In a health emergency

Do you need to talk to someone?

Call Samaritans on 116 123

Experiencing a mental health crisis?

Call 111

Is your life at immediate risk?

Call 999 or go to A&E

In a health emergency
Call Samaritans on If you need to talk to someone
Call 111 if you’re experiencing a mental health crisis
Call 999 or go to A&E if your life is at immediate risk
Call if you need to talk to someone
Call 111 if you are experiencing a mental health crisis
Call 999 or go to a&E if your life Is at immediate risk
Do you need to talk to someone?
Call Samaritans on 116 123
Experiencing a mental health crisis?
Call 111
Is your life at immediate risk?
Call 999 or go to A&E
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How do I know if I need therapy?

January 2, 2023
Anthea Wells

We know how important it is to look after our minds as well as our bodies. If you broke your ankle, you wouldn’t keep struggling without help or getting it checked by a professional. Similarly, if you’re experiencing some mental health difficulties and it reaches a point where it affects your ability to function day-to-day, or becomes overwhelming and distressing, then it might be something more. When it gets to this point, think about talking to someone and seeking help. The sooner you recognise you are struggling and take steps to address it, the easier it will be to get on top of.


People tend to seek therapy for major life events or symptoms that can’t be explained by another condition, reports the National Institute of Mental Health. For instance, you may be going through a tough period in your job, having relationship issues, or coping with the loss of a loved one. It can be helpful to look at your thoughts and behaviours, like an onset of low energy or changes in sleep or appetite, before they have the chance to become ingrained. If you wait before seeking help, it can be harder to make changes and break patterns, which means it will be longer before you start feeling better. Just like if you break your ankle and attempt to keep walking on it, it’s going to take longer to heal.


Over the past year, many people will have experienced new and intensified thoughts and emotions because of changes to their lives, the cost-of-living crisis and world events. So, you’re not alone.


If you’ve been wondering whether what you’re feeling is related to a common mental health condition, such as anxiety, stress or depression, here are some ways you can make the distinction.


Think about whether your emotions/feelings affect your daily activities. Do you avoid shopping or exercising because you’re too anxious to leave the house or just can’t be bothered? Are you finding it extremely difficult to get work done? Are you having arguments with family members? Have you noticed new physical symptoms, such as a churning stomach, headaches, fast heartbeat, shaking? Do you feel flat, lethargic, demotivated, or have little interest in doing things that you used to enjoy? If you're experiencing any of these symptoms regularly, you may benefit from therapy.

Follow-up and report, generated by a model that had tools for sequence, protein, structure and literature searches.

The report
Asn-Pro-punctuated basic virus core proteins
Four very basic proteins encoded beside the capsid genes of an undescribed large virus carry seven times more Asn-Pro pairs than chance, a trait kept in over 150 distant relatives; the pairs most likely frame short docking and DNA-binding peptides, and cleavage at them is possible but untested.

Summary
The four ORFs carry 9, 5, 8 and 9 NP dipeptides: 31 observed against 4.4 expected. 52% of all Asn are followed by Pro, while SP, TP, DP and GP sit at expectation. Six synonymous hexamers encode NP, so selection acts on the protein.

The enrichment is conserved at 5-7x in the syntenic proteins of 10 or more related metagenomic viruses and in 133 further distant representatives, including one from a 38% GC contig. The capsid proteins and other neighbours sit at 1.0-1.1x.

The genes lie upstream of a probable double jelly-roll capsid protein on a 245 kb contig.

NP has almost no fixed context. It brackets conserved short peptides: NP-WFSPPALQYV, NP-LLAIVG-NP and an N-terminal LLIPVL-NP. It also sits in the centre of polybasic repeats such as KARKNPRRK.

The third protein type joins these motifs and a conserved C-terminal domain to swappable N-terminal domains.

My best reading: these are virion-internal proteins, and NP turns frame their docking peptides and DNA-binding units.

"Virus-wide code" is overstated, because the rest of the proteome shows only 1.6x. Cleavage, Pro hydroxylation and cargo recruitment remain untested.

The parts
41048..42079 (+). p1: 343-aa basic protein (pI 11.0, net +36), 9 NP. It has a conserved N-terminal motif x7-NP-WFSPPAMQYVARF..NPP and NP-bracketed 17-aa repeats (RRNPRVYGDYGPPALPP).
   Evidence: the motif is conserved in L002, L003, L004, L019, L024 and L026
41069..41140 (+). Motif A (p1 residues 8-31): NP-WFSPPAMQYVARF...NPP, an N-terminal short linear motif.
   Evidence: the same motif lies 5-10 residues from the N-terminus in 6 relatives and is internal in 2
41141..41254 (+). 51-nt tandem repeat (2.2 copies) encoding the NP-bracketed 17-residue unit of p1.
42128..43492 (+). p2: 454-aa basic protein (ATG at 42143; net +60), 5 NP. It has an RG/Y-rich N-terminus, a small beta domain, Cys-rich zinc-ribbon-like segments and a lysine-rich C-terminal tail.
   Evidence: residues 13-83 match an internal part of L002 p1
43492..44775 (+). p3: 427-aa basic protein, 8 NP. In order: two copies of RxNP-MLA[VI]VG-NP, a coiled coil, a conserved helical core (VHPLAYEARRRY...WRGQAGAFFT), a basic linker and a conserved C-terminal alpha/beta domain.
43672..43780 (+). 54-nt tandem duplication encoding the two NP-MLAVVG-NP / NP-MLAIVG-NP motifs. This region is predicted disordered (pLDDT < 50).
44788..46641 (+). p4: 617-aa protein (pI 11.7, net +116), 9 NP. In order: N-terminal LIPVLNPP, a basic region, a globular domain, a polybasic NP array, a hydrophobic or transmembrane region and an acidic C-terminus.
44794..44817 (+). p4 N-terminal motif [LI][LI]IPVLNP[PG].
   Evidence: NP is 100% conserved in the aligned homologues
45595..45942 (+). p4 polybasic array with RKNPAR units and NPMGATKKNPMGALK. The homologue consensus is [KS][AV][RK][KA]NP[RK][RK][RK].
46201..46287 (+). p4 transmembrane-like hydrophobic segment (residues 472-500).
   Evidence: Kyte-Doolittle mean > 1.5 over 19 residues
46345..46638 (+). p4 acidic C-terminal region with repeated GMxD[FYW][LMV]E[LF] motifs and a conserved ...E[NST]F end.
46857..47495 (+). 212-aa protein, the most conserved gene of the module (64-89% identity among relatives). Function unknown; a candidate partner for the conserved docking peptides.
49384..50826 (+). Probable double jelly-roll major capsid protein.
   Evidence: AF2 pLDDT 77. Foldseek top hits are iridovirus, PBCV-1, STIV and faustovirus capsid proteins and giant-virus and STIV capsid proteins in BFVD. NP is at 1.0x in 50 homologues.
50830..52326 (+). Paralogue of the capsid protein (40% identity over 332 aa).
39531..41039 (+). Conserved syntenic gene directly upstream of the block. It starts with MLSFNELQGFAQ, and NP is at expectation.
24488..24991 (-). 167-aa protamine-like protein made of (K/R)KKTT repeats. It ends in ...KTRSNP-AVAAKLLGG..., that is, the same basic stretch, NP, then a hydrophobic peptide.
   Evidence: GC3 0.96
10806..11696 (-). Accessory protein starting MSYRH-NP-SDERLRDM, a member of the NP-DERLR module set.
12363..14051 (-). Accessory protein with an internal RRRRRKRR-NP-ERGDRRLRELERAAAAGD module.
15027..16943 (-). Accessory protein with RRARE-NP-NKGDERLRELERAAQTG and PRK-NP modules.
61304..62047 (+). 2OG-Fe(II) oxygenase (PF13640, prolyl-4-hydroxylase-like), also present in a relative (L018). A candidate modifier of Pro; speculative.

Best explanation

Ask yourself: ‘how long have I been feeling like I do?’ If you're anxious, is this the first time you’ve felt this way, or have you experienced it before? If you have felt this way before, what did you do last time that was helpful?


If you’re not sleeping well or your appetite is low, this maybe a response to a disrupted routine or increased worry. If it comes and goes, or you generally sleep badly or lose your appetite when you’re stressed, then it may not be something you need to be especially concerned about. But if it's a recent change, and it continues for longer than a couple of weeks, this might be a sign that you may benefit from seeking support.


Start a conversation about it with someone you trust. Whatever the concern, the most important thing to remember is that if you have a mental health problem it’s normal to struggle with this at points in our lives. Please ask for support, you won’t be wasting anyone’s time; you’re just as important as anyone else, and the resources that are available are there for you. Cognitive behavioural therapy (CBT), for example, is very well suited to people who want to take control of their stress, anxiety, and depression.

CBT can help to equip you with practical strategies and tools to cope with your feelings and make changes to to the things you do (your behaviours). Making a conscious choice to give therapy or guided self-help a go is important before beginning treatment and be prepared to put in some hard work. You and your clinician will work together in a collaborative way, and you are always in control of this process. Find out how online CBT with ieso works here.

ieso Online Therapy
This blog has been written by a member of the clinical team at ieso.
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